Outstanding Achievements

Over recent centuries, America has surpassed all other nations in educational, scientific, medical, and other achievements and discoveries. While the cause for such performance in any nation has always been a matter of speculation, earlier generations thought they knew one factor contributing to such successes. For example, signer of the Declaration John Witherspoon observed:

It is certain, I think, that human science and religion have kept company together and greatly assisted each others progress in the world.

Signer of the Declaration Benjamin Rush similarly noted:

I believe that the greatest discoveries of science have been made by Christian philosophers, and that there is the most knowledge in those countries where there is the most Christianity.

A brief survey of history certainly seems to suggest a correlation, for so many beneficial discoveries have come from the hands of confessing Christians. Perhaps this principle linking Christianity and achievement has now been expanded to a new field of endeavors: athletics.

In the recent Centennial Olympic Games, the United States dominated the competition, taking 101 medals - 36 more medals than the closest competitor, despite the fact that America is less populous than many of the competing nations (e.g., China, Russia, India). Does anything suggest a possible spiritual connection between the American Olympians and their achievements? Perhaps, for the July 22, 1996, Sports Illustrated reported that when the American Olympians were asked with whom they would most like to have dinner, the most frequent answer was "Jesus Christ"; and when asked about their favorite book, the answer given most often was "The Bible." At least for the most recent games, Jesus apparently was the choice of champions, and the Bible was the Book of winners!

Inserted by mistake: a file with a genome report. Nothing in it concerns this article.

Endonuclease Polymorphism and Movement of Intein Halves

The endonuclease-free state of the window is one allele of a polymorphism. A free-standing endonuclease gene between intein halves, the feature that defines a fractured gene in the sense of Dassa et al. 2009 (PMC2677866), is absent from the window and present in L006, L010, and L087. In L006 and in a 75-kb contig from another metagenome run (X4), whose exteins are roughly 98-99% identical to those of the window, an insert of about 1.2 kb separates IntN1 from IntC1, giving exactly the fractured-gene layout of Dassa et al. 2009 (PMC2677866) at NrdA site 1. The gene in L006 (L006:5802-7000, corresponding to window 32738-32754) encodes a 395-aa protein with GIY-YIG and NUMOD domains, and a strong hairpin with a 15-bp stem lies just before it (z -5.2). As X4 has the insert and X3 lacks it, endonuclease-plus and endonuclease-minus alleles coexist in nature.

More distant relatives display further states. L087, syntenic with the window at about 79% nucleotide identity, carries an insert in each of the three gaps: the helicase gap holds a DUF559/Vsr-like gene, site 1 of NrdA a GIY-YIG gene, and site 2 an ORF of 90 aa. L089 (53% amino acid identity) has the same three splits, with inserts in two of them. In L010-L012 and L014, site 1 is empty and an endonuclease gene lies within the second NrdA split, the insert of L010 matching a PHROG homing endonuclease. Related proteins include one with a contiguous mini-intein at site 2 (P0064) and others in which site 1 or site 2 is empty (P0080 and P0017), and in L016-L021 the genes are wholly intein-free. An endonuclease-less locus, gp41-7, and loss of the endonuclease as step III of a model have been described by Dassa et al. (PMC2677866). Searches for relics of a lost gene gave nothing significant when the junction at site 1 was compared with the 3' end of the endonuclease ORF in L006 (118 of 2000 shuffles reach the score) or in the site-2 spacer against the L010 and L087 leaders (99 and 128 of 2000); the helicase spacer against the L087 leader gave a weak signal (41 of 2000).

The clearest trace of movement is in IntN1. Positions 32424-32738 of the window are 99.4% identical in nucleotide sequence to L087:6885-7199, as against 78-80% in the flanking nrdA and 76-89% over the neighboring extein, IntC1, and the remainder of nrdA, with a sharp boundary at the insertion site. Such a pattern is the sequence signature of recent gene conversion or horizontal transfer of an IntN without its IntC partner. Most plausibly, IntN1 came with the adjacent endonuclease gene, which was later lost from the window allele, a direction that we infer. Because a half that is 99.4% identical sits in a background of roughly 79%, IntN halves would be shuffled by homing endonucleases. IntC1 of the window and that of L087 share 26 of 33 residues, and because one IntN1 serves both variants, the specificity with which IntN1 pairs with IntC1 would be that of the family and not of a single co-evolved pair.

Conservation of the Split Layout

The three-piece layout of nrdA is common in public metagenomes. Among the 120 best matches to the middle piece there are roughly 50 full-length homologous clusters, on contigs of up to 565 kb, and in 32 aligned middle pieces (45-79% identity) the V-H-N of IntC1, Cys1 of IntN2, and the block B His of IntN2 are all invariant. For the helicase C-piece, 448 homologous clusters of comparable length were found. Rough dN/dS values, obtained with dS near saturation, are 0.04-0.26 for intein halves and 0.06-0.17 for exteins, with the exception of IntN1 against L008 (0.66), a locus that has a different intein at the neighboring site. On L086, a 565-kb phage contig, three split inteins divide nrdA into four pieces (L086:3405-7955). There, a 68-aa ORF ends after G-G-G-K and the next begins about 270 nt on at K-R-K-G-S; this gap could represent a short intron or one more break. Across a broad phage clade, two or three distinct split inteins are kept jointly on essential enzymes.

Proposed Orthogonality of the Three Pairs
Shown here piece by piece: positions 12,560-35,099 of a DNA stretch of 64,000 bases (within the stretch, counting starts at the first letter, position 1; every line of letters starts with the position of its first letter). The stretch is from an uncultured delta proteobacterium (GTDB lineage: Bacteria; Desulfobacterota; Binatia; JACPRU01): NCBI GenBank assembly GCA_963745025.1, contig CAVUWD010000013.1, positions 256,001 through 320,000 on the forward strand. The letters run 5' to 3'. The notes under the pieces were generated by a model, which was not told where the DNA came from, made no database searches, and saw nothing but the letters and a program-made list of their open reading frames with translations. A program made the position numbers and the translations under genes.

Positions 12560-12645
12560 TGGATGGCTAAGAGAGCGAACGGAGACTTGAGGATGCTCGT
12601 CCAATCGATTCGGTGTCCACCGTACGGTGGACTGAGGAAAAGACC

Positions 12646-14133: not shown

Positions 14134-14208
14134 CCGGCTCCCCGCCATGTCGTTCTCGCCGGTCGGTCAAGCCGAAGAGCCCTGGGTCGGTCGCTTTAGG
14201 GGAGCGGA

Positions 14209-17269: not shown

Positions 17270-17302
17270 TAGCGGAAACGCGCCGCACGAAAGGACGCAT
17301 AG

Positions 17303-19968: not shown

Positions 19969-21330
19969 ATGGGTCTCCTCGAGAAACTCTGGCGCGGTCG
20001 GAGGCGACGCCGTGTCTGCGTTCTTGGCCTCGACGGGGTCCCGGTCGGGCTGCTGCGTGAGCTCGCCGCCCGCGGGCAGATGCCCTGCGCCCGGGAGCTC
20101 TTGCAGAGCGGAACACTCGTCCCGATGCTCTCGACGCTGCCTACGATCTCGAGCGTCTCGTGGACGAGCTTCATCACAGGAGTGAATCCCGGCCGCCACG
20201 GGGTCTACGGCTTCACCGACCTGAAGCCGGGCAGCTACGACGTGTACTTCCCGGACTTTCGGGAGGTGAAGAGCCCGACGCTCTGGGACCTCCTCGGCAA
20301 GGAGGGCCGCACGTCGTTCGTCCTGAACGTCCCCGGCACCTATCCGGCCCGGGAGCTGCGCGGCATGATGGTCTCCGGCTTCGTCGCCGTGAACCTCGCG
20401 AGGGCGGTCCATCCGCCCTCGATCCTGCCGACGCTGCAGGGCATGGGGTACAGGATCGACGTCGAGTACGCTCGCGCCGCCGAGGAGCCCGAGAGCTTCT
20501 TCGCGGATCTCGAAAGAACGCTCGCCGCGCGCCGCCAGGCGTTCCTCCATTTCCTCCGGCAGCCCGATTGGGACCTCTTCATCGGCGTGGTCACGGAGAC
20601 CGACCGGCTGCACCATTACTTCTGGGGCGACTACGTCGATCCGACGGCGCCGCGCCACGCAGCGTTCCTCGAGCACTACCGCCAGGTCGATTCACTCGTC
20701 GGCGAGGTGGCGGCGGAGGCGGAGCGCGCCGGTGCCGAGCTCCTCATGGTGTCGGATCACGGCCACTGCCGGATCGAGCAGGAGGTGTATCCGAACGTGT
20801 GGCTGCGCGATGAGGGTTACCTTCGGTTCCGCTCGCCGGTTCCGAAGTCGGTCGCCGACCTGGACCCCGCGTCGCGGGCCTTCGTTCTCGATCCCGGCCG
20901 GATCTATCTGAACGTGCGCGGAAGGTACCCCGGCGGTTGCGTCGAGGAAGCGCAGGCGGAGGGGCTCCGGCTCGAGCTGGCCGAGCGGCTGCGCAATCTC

"Righteousness exalts a nation." Proverbs 14:34
"Happy is that people whose God is the Lord." Psalm 144:15